This is an era of redefinition: over the past 15 to 20 years, the benchmark of automotive excellence has moved off of feedback and feel and onto cutting-edge technology and convenience. The once-humble pickup truck has become a $30-40,000 investment in which heated leather seats are the norm, and fuel efficiency has become a key selling point throughout. Similarly, the "sports coupe" has evolved from a lighter, quicker version of the "grown-up" cars many aspire to, into versions of those sedans with two doors instead of four (and in some cases, even that rule can be violated). In this context, the undeniably good-looking, future-forward 2017 Mercedes-Benz C300 is the sports coupe of the moment.
When we get far enough away from our time to look back at the "teens" of the 21st century, we'll look back at the 2017 C300 as an excellent example of contemporary design. This is a pretty car that elegantly combines major design cues of its era in a way that doesn't feel dated (not yet anyway); rather, it expresses a refinement of elements coming to their natural conclusion. Maybe the only elements slightly out of place are the rear bumper scoops—something you'll find in current Porsches as well—which smack of crappy fiberglass 1990s tuner pieces. Save for that, the 2017 C300 is a perfectly attractive design, if a bit inoffensive.
Inside, the 2017 C300 coupe is like its slightly larger sedan big brother—beautiful. The support from the seats is especially noteworthy. We'd love to see a version of the C300's dashboard without the iPad-esque 8.4-inch screen mounted atop the center section; it's the only pimple in the otherwise flowing design. That 8.4-inch screen comes with Mercedes' COMAND system (a 7-inch screen is standard), which is as confusing and frustrating as the interior is wonderful. The issues with COMAND defy both technology and common sense: There's still no tactile way to change track on the dash or the wheel without digging through the system, and the navigation even managed to stump a German expert while trying to find our next programmed route in the navigation. Don't be completely discouraged, however: A welcome update for COMAND is around the corner.
Mercedes-Benz has made the available technology in the 2017 C300 coupe a point of emphasis, and with good reason. New tech is the measurement of choice for the effectiveness of any automotive effort these days, and the C300 has it covered in spades. The optional Heads-up Display gives you a virtual readout with navigation info, a speedometer, and cruise control settings among others across an 8-inch display that appears to "float" out past the windshield. Attention Assist monitors the drivers' behavior and gives warnings if it senses drowsiness on the part of the driver. Pre-Safe is standard and can take action if it senses actions that suggest a collision or rollover is about to happen, including tightening the front seat belts, closing the windows and sunroof, and adjusting the front passenger seat. The battery of Mercedes assist and safety systems is available and can provide for a C300 that packs a lot of the same technological punch as the S-Class sedan. In typical MB fashion, it's class leading and will no doubt be par for the course when the revised BMW 4-Series and Audi A5 debut this summer (even by the time you read this).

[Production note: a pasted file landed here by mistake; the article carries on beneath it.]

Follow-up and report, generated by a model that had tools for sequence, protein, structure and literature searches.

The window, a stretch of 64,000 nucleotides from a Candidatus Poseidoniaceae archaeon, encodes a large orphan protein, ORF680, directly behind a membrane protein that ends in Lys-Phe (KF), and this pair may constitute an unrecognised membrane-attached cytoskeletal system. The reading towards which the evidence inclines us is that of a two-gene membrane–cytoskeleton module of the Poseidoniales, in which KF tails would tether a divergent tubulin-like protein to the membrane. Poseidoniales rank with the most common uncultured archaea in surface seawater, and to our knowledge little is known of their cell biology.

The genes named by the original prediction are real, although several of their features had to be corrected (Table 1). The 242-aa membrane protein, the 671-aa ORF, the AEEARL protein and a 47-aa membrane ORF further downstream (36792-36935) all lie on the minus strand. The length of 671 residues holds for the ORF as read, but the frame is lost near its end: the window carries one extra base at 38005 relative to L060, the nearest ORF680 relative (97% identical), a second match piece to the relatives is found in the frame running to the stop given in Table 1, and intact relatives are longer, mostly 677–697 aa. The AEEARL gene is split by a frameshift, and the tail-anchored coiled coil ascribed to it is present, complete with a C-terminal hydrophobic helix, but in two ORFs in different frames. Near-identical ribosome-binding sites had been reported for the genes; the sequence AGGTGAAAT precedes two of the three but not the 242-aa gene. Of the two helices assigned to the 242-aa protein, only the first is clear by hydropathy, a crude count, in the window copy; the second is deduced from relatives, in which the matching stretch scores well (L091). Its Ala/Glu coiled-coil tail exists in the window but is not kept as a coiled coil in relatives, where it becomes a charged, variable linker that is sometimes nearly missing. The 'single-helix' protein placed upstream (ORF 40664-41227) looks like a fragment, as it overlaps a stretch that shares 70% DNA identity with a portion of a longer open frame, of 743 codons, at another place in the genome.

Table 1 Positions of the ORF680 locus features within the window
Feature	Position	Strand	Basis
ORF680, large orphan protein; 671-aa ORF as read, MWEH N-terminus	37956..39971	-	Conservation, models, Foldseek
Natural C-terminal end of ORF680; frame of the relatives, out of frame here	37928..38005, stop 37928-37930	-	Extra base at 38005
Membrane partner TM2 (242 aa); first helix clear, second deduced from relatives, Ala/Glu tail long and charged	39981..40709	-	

Under the hood of the 2017 Mercedes-Benz C300, you'll find a 2.0L turbocharged inline four-cylinder engine good for 241 hp and 273 lb-ft of torque. For, say, 90 percent of buyers, it offers plenty of power—just like it does in the sedan. We're always reluctant to admit a preference for a downsized and turbocharged engine over a naturally aspirated predecessor, but here, we just like the new engine better. The torque is immediate, yet the car enthusiastically pulls to redline. It's a good match for the 7G-TRONIC paddle-shifted seven-speed automatic transmission; with peak torque available from only 1,300 rpm, acceleration feels better than one might expect. The inline-four isn't the best sounding ever, though—we stayed in "comfort" driving mode as "sport" pumped a bit too much of its industrial-quality sound into the cabin.
The 2017 C300 coupe drives really well, too. Electric steering may still suck by comparison in terms of feedback, but the steering ratio is perfectly judged, requiring little adjustment once you've picked your line. The somewhat stiff-around-the-city damping makes a lot of sense at speed, letting you get into the flow on high-speed sweepers. If you routinely hit rough roads, the available AIRMATIC suspension might be a worthwhile option, as the C300's ride can be a bit harsh at times; though we'd save the money and stick to the steel springs.
All in all, we enjoyed driving the 2017 C300. Whether it's right for you will likely come down to what impresses you in a car like this. The C300 coupe starts at $43,575, but start ticking those option boxes and you can quickly land in the mid-$50,000s all the way up to more than $60,000 if you're not careful. That seems like an awful lot for a C-Class with a four-cylinder, but for the consumer looking for that hit of luxury with state-of-the-art tech, it could be just the right mix. Rated at 30 mpg highway, we can imagine worse ways to spend a long commute or weekend road trip than behind the wheel of the 2017 C300; time will tell if Mercedes has cracked the code for the new standard of "sport coupe."